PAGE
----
In the present study, we introduced a novel pH-sensitive PEG derivative material and designed an efficient CPP-modified, pH-sensitive PEGylated liposomes (CPPL), in which CPP was directly attached on liposome surfaces via coupling with STR, and PHS was incorporated into the liposome membrane to exert dual function at different pH environment. We evaluated pH sensitivity of CPPL and screened modification density of CPP. We expect such a novel and effective CPPL DDS to perform well in prolonged circulation, physical tumor targeting, strong intracellular penetration, as well as efficient endosomal escaping to accomplish nucleus targeting of anticancer drugs.
Materials and methods
Soybean phosphatidylcholine (SPC, 99% purity) was purchased from Shanghai Taiwei Chemical Company (Shanghai, People’s Republic of China). Cholesterol was purchased from Alfa Aesar Co, Ltd (Beijing, People’s Republic of China). 1,2-Distearoyl-sn-glycero-3-phosphoethanolamine-N-[methoxy(polyethyleneglycol)-2000] (DSPE-PEG2000) was purchased from Shanghai Advanced Vehicle Technology Pharmaceutical, Ltd (Shanghai, People’s Republic of China). Stearic (STR) was obtained from Beijing Chemical Factory (Beijing, People’s Republic of China). 1-(3-Dimethylaminopropyl)-3-ethylcarbodiimide hydrochloride (EDCI) was obtained from J&K Scientific, Ltd (Hong Kong, People’s Republic of China). CPP-FITC (RRRRRRRRRK [β-Ala-FITC]-amide) and CPP (GGRRRRRRRRR-amide) were provided by KTG Pharmaceuticals, Inc. (Wuhan, Hubei province, People’s Republic of China). Coumarin-6 and doxorubicin (DOX) were from Sigma-Aldrich Co (St Louis, MO, USA) and Melunbio Co, Ltd (Dalian, Lioning province, People’s Republic of China), respectively.
Male Sprague Dawley rats (200±20 g) and BALB/c nude mice (20±2 g) were provided by the Animal Center of Peking University Health Science Center. All procedures involving animal housing and treatment were approved by the Institutional Authority for Laboratory Animal Care of Peking University.
MCF-7 human breast cancer cell line was purchased from the Institute of Basic Medical Science, Chinese Academy of Medical Science (Beijing, People’s Republic of China). Cells were cultured in RPMI 1640 containing 2 mM l-glutamine and were supplemented with 10% (v/v) heat-inactivated fetal bovine serum, 100 U/mL penicillin, and 100 μg/mL streptomycin. Cultures were maintained at 37°C in a humidified 5% CO2 incubator. The pH of culture medium was adjusted to pH 7.0 or 6.0 with 0.1 mol/L HCl prior to treatments.
Synthesis and characterization of PHS
PHS was synthesized (Figure 1A) based on the method proposed by Kale and Torchilin9 with some modifications (Supplementary materials). The structure of PHS was confirmed by high-performance liquid chromatography (HPLC) spectrum (Agilent HP 1100 HPLC/evaporative light scattering detector; Agilent Technologies, Santa Clara, CA, USA) (Figure 1B) and 1H NMR (AVANCE III, 400 MHz; Bruker Corporation, Billerica, MA, USA) (Figure 1C).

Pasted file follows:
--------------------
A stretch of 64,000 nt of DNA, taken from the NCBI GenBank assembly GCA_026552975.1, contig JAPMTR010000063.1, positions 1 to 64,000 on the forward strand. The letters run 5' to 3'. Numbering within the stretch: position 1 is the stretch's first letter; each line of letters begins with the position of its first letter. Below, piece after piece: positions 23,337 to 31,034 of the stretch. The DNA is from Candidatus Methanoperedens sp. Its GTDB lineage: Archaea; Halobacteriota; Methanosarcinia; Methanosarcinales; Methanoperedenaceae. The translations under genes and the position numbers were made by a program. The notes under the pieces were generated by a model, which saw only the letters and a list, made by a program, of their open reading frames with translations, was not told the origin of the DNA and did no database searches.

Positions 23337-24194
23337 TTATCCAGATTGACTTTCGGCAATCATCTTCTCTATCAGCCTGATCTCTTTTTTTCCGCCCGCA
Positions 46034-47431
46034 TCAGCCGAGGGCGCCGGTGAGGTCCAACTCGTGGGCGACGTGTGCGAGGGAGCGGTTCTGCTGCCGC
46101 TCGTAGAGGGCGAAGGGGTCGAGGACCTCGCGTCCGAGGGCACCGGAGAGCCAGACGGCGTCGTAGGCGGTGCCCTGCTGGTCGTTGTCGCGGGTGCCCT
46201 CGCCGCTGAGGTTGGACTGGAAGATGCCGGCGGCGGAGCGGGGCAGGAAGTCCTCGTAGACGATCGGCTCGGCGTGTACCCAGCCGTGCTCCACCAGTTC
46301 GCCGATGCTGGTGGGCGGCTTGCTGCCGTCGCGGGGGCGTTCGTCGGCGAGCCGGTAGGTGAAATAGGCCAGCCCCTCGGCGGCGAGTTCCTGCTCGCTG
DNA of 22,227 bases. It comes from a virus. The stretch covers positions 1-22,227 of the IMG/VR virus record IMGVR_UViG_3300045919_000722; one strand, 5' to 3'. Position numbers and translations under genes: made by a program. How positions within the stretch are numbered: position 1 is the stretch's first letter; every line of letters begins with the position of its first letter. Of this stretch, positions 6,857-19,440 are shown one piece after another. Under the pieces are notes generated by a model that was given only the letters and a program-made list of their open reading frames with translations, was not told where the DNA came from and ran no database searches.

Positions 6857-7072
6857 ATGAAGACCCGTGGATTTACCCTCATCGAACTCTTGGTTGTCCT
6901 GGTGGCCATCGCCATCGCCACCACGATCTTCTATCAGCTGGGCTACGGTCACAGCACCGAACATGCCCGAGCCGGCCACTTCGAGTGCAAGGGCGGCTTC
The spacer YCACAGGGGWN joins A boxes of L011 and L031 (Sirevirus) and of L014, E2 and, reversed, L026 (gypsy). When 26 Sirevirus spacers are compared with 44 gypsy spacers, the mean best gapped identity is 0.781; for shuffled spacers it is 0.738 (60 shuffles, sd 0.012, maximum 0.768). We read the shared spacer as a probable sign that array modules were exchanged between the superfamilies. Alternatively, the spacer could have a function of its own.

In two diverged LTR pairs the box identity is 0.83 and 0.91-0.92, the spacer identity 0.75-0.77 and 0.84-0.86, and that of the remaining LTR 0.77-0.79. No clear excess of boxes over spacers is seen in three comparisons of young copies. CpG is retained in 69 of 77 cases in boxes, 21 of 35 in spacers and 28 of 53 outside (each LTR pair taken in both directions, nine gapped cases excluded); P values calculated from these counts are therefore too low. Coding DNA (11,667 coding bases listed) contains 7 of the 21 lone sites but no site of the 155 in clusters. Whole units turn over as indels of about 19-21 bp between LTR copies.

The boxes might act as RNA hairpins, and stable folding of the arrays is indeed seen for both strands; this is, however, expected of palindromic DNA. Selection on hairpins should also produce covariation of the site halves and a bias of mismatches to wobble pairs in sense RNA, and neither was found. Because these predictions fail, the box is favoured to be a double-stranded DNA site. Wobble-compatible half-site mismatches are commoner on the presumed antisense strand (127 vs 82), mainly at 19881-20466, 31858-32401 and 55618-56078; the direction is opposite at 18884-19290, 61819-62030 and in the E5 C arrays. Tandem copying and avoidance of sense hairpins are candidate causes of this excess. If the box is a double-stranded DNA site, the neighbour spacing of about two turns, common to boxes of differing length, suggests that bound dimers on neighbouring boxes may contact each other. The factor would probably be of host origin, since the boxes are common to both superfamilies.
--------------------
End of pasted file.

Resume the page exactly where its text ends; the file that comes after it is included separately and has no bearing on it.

Preparation and characterization of various liposomes including CL, PL, PSL, CPL, and CPPL
CPPL with various CPP densities were prepared using lipid thin film hydration10 as described in Figure 2. The thin film containing SPC/cholesterol/STR was hydrated with phosphate-buffered saline (PBS, pH 7.0) under sonication at 37°C for 20 minutes to form conventional liposomes (CL). EDCI and S-NHS were added into CL containing STR at STR/EDCI/S-NHS molar ratio of 1:40:100 to activate STR moiety on CL.11 The solution pH was adjusted to 12, and then CPP with an equivalent amount of STR reacted with NHS-activated CL for 12 hours to form CPP-modified conventional liposomes (CCL). The suspension in an ultrafilter tube (MWCO, 30,000 Da) was centrifuged at 1,000× g for 30 minutes to remove unreacted EDCI, S-NHS, and CPP. To obtain CPPL, 8 mol% PHS of SPC was incubated with CCL at pH 7.0 for 12 hours. CPP-modified PEGylated liposomes (CPL) were prepared with similar method except substituting PHS with DSPE-PEG. PEGylated liposomes (PL) and pH-sensitive PEGylated liposomes (PSL) were prepared as controls without CPP modification.
For the investigation of pH sensitivity and optimization of modified density of CPP on CPPL by flow cytometry (FCM), we prepared coumarin-6-loaded liposomes (lipids:coumarin-6 =2,000:1, w/w) using lipid film hydration method as described previously.10 For confocal images and cytotoxicity studies, DOX was loaded into liposomes by pH-gradient method.12
The coupling efficiency (ce) of CPP on liposomes was determined using fluorescence spectrometer in conjunction with ultrafiltration method. FITC-CPPL was prepared in a similar way except substituting CPP with CPP-FITC. Free CPP-FITC was separated from CPPL via centrifugation at 1,000× g for 30 minutes by an ultrafilter tube (MWCO, 30,000 Da). Fluorescence intensities (FI) of FITC-CPPL suspension before and after centrifugation were measured, respectively, by a fluorescence spectrophotometer (Cary Eclipse, Varian Associates, USA) at λex=492 nm and λem=518 nm. The formula used is ce = FI (after)/FI (before) ×100%.